The greatest gift is the
gift of the teachings
Retreat Dharma Talks at Insight Meditation Society - Retreat Center

Three-Month Retreat - Part 1

This six-week partial of the three-month course is a special time for practice. Because of its extended length and ongoing guidance, it is an opportunity for students to deepen the powers of concentration, wisdom and compassion. Based on the meditation instructions of Mahasi Sayadaw and supplemented by a range of skillful means, this silent retreat will encourage a balanced attitude of relaxation and alertness, and the continuity of practice based on the Buddha’s Four Foundations of Mindfulness.

2015-09-12 (43 days) Insight Meditation Society - Retreat Center

2015-09-28 Satipatthana Series - The first foundation of mindfulness: the body 59:36
Sally Armstrong
In the Satipatthana sutta on the foundations of mindfulness, the first area of practice is the body. The Buddha gives us many different practices and ways to investigate the body. This talk explores these practices, beginning with the breath, but going on to other practices that we don't often teach, such as the four elements, the 32 parts of the body, and corpse contemplations. Each of these practices can be a powerful doorway to wise seeing and freedom. This talk is the first of a series of four on each foundation of mindfulness.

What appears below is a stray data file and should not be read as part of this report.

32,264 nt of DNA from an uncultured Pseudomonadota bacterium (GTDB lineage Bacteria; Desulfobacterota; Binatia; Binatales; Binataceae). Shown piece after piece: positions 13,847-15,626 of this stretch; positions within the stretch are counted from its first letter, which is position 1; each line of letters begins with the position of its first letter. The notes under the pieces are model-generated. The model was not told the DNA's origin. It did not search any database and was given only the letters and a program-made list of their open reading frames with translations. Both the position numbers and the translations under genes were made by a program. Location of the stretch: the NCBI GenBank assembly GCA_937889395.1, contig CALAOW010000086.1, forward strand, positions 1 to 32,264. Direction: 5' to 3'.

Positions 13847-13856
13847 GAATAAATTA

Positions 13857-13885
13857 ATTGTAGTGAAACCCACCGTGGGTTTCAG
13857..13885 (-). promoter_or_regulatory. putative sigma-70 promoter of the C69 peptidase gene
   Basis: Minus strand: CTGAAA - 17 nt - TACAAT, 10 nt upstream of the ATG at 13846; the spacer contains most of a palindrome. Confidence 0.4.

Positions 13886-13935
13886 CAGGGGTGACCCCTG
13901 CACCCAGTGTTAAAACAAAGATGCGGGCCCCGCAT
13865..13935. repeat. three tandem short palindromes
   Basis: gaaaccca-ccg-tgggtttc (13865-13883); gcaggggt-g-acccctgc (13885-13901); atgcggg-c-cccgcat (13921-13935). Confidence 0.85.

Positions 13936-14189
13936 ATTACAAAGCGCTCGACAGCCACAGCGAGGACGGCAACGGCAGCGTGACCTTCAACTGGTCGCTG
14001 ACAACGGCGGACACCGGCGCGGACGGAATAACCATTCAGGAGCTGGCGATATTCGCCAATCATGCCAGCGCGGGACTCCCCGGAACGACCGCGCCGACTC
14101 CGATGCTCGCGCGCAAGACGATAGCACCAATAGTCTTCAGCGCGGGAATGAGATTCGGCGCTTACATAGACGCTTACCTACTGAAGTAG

2015-09-29 The Infinity Of Impermanence 56:45
Kamala Masters
The infinite multi-eon range view and moment to moment view of impermanence
2015-09-30 The Forgiveness Practice 37:54
Kate Munding
2015-10-01 Investigation 58:55
Andrea Fella
2015-10-02 Guided Meditation - Expanding Awareness 44:35
Andrea Fella
2015-10-02 The Five Aggregates Are Not Self 61:56
Guy Armstrong
When we understand our experience in terms of the five aggregates, we see without the unnecessary overlay of self. This way of understanding is liberating.
2015-10-04 The Buddha's Teaching On Loving Kindness 56:41
Greg Scharf
2015-10-05 The Second Foundation of Mindfulness: Feeling Tone 57:36
Sally Armstrong
Vedana, or the feeling tone of pleasant, unpleasant or neither-pleasant-nor-unpleasant that arises with each contact, was considered important enough by the Buddha to be a foundation of mindfulness, one of the five aggregates, and central to the teaching on dependent origination. It is also at the heart of the Dart Sutta in the Samyutta Nikaya, where the Buddha talks about the two common responses to suffering: to bemoan and lament the fact that suffering is happening, but often to try to avoid the unpleasant by chasing after the pleasant. This talk looks at all of these different teachings to help us understand the importance of bringing mindfulness to vedana in our practice and in our lives.
2015-10-07 Guided Metta 45:18
Kamala Masters
Oneself, benefactor, dear friend and neutral person
2015-10-08 Big Mind Guided Meditation 44:20
Guy Armstrong
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